Ruby Split Array

Posted December 22, 2022 - tagged ruby

3 min read

Split is a very common method not only in Ruby, but also in the programming world. Let's see what does .split means for a Ruby Array.

Split method for a Ruby array

Let's start with a simple example :

[1, 42, 99, 200].split(42)
# => returns [[1], [99, 200]]

Yikes! It returns a 2D-Array. After all, it's logical because you have asked to separate the initial Array into multiple parts. But when this line appears within thousands lines of code, it's easy to forget about it.

Side note : the same operation is not possible in native JavaScript so far.

More examples

Given the answer above, here is how you apply the .split method for array in various situations :

[1, 42, 99, 200].split()
# => returns [[1], [42], [99], [200]]

Any arguments that doesn't match any element in the initial array will return the same result :

[1, 42, 99, 200].split("")
# => returns [[1, 42, 99, 200]]

[1, 42, 99, 200].split(101)
# => returns [[1, 42, 99, 200]]

[1, 42, 99, 200].split("foo")
# => returns [[1, 42, 99, 200]]

We can also pass a block :

# This will return the same result as [1, 42, 99, 200].split(42)
[1, 42, 99, 200].split{|x| x % 42 === 0}
# => returns [[1], [99, 200]]

[1, 42, 99, 200].split{|x| x % 2 === 0}
# => returns [[1], [99], []]

Ruby Array .split vs Ruby String .split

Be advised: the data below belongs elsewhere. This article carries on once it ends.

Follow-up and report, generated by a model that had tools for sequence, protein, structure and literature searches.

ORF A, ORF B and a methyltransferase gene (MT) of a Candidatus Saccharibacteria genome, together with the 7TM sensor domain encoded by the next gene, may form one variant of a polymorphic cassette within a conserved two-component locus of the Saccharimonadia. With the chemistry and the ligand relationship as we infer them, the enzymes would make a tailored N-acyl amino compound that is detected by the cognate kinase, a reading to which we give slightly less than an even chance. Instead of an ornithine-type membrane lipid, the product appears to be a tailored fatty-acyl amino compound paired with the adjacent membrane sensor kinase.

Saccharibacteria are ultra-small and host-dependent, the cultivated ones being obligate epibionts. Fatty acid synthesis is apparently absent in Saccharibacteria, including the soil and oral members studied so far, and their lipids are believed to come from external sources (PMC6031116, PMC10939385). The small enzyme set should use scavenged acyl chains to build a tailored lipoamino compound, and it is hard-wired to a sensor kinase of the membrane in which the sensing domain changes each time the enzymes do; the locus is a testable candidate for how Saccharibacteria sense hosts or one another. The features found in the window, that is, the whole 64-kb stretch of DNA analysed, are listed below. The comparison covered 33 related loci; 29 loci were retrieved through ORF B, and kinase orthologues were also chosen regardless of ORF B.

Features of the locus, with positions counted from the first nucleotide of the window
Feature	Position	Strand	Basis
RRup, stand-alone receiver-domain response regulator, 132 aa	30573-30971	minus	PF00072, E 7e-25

String

For a String, the signature is as follow:

  • .split(pattern, limit)
  • limit is a number, to define how much parts can be splitted.
  • pattern is a String or a RegEx

Here is a example with a limit :

# Ruby
myString = "hello_world_dude"
myString.split("_", 2)
// => returns ["hello", "world_dude"]

Array

  • .split(pattern)
  • pattern is a value or a Block
# Ruby
myArray = [1, "e", 22]
myArray.split("e")
// => returns [[1], [22]]
myArray.split{|x| x === "e"}
// => returns [[1], [22]]

Split a 2D Array

Given the paragraph above, the following example should not surprise you:

# Ruby
arr = [[1,2,3], ["a","b"], [1,12,4]]
arr.split(2)
# => [[[1, 2, 3], ["a", "b"], [1, 12, 4]]]
arr.split(["a", "b"])
# => [[[1, 2, 3]], [[1, 12, 4]]]

Split an Array into chunks

Loot at the each_slice method of the Enumerable module:

[1, 2, 3, 4, 5, 6, 7].each_slice(3)
# => #<Enumerator: ...>
[1, 2, 3, 4, 5, 6, 7].each_slice(3).to_a
# => [[1, 2, 3], [4, 5, 6], [7]]

Enumerators are a feature of Ruby.

Conclusion

Split for an Array is not much different than the usual "split" for a String. Just remind that the result is always an Array that is one dimension bigger than the initial Array.

2023 update

👉 Bootrails is now affiliated with a well-known starter kit.
Take care ! Health first. 🙏
David.